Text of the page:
That this collection exists at all is down principally to one man. It wasn’t the town’s charismatic and colourfully-attired preacher George Dawson who presented or collected this material, but he certainly inspired its creation and established the democratic idea that underpinned it. Conceived as the very best way to mark the 300th anniversary of Shakespeare’s birth in April 1864, the plan was to create in Birmingham the greatest collection of works by and about Shakespeare in the world and to make all of this accessible to anyone. This exercise in egalitarian cultural participation was Birmingham’s famous ‘civic gospel’ in practice. In his enterprise Dawson recruited the support not only of close friends such as the hardware manufacturer and bibliophile Sam Timmins and the ‘civic gospel’ architect J.H. Chamberlain but also men on the other side in politics, including the newspaper editor Sebastian Evans, the solicitor George Jabet and the now-forgotten novelist J.H. Shorthouse. When a considerable part of the collection was destroyed by fire in January 1879, Dawson was dead but his idea was not. By the time a new Shakespeare Memorial Room, decorated with flowers, foliage and birds carved in wood, opened in 1882, 4000 volumes had been collected. Today there are 40,000 books – along with thousands of posters, photographs and other items.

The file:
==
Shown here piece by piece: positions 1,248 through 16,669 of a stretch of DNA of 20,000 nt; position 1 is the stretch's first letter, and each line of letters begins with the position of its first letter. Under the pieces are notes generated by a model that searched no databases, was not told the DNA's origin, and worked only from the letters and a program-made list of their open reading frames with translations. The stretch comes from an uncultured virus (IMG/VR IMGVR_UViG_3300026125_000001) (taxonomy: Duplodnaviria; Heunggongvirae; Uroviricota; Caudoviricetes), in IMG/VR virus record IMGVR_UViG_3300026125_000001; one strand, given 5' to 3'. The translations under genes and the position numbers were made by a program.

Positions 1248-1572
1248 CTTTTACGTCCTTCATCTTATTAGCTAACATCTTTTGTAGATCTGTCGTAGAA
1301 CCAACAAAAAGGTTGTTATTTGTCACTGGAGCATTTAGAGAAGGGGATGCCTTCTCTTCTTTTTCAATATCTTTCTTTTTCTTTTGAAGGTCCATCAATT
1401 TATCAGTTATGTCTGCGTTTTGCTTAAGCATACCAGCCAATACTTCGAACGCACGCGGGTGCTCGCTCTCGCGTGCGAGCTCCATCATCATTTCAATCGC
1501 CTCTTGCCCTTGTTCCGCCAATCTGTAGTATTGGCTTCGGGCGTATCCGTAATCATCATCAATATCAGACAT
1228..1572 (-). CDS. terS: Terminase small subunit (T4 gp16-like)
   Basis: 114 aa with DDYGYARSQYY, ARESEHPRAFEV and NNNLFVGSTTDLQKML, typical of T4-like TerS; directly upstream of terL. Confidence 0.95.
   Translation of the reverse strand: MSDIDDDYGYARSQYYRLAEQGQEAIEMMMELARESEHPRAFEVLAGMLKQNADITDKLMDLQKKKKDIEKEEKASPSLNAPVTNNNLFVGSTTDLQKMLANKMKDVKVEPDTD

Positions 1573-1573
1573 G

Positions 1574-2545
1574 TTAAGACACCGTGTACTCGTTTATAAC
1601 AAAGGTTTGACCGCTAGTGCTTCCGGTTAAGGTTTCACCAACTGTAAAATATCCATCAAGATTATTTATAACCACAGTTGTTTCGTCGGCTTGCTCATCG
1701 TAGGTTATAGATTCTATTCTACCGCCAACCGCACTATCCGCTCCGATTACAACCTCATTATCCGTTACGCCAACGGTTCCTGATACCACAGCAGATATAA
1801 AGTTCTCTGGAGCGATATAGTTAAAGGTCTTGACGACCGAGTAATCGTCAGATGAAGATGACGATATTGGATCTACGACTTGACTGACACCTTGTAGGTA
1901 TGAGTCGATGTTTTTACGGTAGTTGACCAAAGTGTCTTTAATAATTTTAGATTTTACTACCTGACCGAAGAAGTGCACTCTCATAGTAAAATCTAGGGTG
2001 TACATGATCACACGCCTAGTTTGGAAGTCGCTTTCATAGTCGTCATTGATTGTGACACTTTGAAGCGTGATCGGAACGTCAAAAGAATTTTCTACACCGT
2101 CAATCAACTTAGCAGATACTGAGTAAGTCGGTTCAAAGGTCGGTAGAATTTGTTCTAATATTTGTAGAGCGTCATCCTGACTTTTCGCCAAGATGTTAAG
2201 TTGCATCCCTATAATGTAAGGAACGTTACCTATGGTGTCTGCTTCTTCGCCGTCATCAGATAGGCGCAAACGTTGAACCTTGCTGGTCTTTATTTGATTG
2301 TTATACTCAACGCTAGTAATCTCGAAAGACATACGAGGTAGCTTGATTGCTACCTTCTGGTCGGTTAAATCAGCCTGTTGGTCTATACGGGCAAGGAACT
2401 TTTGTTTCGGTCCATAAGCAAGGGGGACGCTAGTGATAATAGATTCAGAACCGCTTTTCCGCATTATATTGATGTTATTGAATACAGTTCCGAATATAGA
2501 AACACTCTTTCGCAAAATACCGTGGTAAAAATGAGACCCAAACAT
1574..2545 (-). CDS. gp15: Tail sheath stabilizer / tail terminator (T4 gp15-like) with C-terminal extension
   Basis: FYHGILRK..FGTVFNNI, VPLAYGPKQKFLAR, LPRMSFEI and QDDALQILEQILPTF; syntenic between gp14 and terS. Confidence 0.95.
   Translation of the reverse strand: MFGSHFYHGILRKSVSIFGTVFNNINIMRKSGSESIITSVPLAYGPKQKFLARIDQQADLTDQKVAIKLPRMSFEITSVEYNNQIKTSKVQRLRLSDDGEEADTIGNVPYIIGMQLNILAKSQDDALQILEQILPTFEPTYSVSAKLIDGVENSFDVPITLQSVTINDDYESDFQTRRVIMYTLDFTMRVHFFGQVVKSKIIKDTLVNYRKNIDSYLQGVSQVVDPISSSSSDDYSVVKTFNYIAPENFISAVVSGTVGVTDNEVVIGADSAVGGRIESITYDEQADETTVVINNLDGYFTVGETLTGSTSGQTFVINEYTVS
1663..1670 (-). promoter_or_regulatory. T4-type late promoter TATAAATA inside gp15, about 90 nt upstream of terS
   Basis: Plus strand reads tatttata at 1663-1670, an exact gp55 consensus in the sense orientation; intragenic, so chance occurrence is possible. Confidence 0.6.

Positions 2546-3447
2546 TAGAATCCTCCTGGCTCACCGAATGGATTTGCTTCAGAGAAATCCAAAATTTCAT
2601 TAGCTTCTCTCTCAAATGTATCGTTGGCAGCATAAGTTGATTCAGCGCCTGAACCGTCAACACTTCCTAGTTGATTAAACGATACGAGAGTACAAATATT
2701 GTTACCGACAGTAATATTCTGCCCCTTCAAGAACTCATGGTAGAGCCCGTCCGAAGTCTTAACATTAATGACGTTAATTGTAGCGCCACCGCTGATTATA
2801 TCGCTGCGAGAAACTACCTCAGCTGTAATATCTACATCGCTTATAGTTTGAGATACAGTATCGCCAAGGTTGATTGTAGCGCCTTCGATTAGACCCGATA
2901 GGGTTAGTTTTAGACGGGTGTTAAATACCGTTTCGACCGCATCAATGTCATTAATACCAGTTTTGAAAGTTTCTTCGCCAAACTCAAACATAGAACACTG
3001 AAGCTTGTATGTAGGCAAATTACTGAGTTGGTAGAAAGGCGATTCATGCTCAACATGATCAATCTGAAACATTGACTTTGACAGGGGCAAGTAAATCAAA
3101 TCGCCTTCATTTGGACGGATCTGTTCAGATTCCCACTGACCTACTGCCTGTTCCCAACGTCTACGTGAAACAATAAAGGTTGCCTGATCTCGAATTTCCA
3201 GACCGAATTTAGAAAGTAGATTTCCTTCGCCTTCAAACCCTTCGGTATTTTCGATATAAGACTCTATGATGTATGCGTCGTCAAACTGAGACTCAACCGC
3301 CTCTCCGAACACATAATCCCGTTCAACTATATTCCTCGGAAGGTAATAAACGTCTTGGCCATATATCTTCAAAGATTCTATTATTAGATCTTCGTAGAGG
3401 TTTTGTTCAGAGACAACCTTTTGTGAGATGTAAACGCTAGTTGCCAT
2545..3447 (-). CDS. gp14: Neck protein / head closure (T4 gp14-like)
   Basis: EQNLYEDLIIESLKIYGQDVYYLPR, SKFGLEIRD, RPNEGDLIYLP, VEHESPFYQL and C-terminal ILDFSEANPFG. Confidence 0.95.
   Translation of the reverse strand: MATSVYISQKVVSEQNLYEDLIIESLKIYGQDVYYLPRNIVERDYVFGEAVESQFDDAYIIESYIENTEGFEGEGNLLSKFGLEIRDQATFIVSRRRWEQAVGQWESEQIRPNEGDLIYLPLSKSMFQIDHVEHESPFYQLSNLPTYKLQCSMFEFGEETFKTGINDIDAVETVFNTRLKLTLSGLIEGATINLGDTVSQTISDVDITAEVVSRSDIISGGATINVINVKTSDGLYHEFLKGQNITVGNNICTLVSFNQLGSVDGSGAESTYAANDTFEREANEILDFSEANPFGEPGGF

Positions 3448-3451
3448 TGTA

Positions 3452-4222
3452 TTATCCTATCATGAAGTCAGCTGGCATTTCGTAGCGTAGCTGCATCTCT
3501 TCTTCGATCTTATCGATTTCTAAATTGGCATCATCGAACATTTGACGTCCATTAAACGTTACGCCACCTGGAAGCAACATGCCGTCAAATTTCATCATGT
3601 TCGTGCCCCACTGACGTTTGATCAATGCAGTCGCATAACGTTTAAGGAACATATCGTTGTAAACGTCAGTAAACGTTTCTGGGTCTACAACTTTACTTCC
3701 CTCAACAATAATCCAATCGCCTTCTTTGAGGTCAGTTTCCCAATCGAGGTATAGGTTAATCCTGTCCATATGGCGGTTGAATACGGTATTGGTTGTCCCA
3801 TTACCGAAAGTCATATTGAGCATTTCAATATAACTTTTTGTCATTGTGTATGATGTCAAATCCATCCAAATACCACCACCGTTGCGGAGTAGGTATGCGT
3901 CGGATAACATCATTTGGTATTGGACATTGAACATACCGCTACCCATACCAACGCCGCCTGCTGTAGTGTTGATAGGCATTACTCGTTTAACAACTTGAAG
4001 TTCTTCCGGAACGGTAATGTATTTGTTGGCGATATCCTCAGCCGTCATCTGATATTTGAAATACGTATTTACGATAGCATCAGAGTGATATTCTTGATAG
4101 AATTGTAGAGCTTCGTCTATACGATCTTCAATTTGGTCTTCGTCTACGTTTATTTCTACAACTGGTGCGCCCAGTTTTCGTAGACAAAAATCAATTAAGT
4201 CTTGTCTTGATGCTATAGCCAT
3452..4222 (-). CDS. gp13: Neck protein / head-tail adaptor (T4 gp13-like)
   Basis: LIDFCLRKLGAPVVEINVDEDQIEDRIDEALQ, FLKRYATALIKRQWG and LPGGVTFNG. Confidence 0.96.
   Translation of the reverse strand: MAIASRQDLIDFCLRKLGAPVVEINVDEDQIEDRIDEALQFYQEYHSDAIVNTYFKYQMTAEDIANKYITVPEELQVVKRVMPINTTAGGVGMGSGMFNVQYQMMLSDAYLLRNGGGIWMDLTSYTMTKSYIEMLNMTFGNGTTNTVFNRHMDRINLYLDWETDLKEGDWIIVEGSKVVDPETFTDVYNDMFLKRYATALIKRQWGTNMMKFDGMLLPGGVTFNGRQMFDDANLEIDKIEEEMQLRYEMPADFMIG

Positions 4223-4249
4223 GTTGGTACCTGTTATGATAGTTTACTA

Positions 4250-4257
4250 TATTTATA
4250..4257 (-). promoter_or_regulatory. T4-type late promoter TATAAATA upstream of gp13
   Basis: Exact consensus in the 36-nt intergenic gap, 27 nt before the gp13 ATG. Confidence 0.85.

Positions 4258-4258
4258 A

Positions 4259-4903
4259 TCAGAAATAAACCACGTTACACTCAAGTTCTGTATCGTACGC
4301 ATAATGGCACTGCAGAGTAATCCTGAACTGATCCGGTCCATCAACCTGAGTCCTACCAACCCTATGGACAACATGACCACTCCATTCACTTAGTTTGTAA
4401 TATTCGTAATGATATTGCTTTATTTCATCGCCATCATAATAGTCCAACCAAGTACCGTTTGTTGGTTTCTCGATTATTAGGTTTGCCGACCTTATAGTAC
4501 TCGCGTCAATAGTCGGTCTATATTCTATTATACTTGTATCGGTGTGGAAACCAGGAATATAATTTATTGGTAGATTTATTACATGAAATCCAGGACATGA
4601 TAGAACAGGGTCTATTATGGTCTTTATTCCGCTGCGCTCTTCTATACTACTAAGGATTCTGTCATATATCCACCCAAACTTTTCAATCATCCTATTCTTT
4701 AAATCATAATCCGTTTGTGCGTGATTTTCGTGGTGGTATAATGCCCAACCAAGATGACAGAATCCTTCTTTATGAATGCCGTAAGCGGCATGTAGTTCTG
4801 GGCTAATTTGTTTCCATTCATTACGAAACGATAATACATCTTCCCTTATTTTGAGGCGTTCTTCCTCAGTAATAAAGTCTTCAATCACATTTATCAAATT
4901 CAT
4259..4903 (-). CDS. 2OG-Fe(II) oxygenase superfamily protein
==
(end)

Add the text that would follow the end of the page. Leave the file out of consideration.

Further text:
Professor Ewan Fernie of the University of Birmingham has embarked on an ambitious project to remember and re-invigorate this great example of Victorian civic self-improvement. Fernie is recognised as a leading Shakespearean scholar, but an utterance of Dawson’s resonates with him as much any famous line by Shakespeare. ‘The time has come to give everything to everybody’, Dawson declared. Fernie has called his project ‘Everything to Everybody’ and unequivocally identifies Dawson as ‘a lost prophet.’ With the full backing of the city council and with the Birmingham-born actor Adrian Lester as patron, Fernie aims to secure a grant of around £750,000 from the National Heritage Lottery Fund in support of a project whose total value is £1m to ensure that the communities of Birmingham revive the vision of their Victorian forebears. The award, at the end of 2018, of an NHLF development grant of £32,700, is a very encouraging beginning.